The man's lip trembled as he handed her the gold watch. Pleased, Gaz flipped it open in a taunting manner and stopped. 11:42?
"Shit..." Gaz hissed, jumping up and sliding all the money off the table into her purse. She waved bye to the bartender and ran out the bar disguised as a fabric shop.
Gaz ran down the streets, her heels clacking against the road. She had told Dib she would be home by 8. Odds are he was too preocupied with Zim to notice her missing, but there have been the rare occasions he would catch her sneaking in and threaten to call their father away from India, where he was working on a cure for a local epidemic.
Gaz sighed in relief to see the light in Dib's room of from his window and jazz music drifting from his radio. He always falls asleep when listening to mysterious mysteries. It was pretty boring...
Taking of her heels so she would not make any noise on the hardwood floors, she gently eased open the screen door and making sure it didn't slam behind her. As she took the first step on the stairs, a cold pressure invaded the back of her neck.
"Move and I will shoot."
"...what?" Gaz hissed and turned around to face a pudgy man around her age, greenish blond hair plastered to his face.
"Dammit, what did I just say?" He shook the gun threateningly at her.
"Like I care."
"You will. Now to decide who to kill first, you or your freak brother?"
Gaz was livid, "Whatever this is about, why drag my brother into it?"
Iggins narrowed his eyes before snarling, "I want you to feel pain. As much as possible. You nearly crippled me, and stole my money..."
"It was my money! You cheated, I was just taking what was rightfully mine!" Gaz snapped.
"Do you dknow what happened afterwards?" Iggins trembled in fury, "Do you have any idea what it is like to tell your mother a girl, a girl, broke your leg? And no money for a doctor! And then to have to tell her why..."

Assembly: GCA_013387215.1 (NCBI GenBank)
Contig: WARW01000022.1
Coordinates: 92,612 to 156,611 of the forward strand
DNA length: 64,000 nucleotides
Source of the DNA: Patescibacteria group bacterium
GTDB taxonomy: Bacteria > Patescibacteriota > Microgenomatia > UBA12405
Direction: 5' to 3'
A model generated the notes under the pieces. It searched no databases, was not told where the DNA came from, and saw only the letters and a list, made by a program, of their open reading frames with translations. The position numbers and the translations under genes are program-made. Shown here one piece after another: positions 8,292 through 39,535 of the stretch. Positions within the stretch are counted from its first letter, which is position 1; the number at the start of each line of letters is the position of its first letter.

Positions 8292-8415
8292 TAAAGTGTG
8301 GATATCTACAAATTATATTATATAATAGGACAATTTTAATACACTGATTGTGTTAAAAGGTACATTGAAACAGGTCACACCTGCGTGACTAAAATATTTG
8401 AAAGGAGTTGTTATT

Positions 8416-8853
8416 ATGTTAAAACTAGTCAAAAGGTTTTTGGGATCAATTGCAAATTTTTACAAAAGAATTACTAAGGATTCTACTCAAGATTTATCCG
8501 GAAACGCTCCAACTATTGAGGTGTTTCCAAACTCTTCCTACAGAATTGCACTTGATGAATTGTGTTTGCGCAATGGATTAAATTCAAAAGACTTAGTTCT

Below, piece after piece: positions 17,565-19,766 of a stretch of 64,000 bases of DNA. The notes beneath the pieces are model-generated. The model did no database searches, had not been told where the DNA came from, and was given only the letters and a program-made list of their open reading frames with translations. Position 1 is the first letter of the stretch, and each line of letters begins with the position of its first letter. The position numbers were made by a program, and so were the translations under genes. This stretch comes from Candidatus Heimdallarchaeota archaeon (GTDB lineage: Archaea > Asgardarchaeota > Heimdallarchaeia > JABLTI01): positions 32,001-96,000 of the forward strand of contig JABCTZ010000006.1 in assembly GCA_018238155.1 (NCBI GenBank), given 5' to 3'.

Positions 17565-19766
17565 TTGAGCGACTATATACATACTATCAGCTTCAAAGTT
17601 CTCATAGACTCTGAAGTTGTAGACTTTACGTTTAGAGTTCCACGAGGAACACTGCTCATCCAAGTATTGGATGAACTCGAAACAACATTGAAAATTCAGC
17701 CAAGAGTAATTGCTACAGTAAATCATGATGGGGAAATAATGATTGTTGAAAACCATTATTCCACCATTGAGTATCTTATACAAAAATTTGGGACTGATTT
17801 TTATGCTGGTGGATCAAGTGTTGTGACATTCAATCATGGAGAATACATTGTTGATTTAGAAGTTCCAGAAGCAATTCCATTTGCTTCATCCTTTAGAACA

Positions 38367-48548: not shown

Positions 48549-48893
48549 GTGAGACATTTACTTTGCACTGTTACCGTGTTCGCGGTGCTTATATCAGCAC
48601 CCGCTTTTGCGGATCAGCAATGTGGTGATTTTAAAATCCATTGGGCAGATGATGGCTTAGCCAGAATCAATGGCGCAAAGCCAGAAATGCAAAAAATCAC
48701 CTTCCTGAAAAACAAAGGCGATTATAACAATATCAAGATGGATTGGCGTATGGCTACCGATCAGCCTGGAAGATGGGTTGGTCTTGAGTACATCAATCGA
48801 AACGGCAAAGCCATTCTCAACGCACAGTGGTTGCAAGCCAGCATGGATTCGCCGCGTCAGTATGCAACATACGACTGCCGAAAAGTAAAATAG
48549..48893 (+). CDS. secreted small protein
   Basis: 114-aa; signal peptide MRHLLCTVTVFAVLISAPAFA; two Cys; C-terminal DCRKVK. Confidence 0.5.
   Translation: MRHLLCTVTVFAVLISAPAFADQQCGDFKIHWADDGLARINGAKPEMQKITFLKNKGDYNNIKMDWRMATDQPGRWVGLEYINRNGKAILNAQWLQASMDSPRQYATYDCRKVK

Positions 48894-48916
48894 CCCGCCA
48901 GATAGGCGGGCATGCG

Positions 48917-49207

Gaz stared at him with an unreadable expression before replying in a calmer tone, "I'm sorry for your misfortune, but as I recall it was the fall that broke your leg. And none of it would've happened if you just gave me the money the first time I asked."
"None of it would've happened if you hadn't been there! Who do you think you are? When playing with the big boys, ya gotta learn to lose.." He grabbed her by her hair and threw her to the floor with a thud before aiming the gun, the safety clicking off, "And baby, you just lost..."
Gaz closed her eyes waiting for a bullet in the head. She heard a ripping sound and gasping. Curious, she looked up to see a sharp metal object protruding from Iggin's stomach. Blood oozed to the floor. Gaz jumped up and backed away, trying to regain her composure.
With a final gasp, Iggins closed his eyes and slumped over. The metal object moved, a familar voice muttering, "...filthy human..."
Zim pushed the dead man off his spider appendage, looking at the blood in disgust. He shook his head and hoped to find baconless soap later on. Gaz squared her shoulders, trying to look as dignified as she could after being thrown on the floor with a gun to her head.
Zim's red eyes flashed behind his contacts before he smirked tauntingly, "What, no thank you?"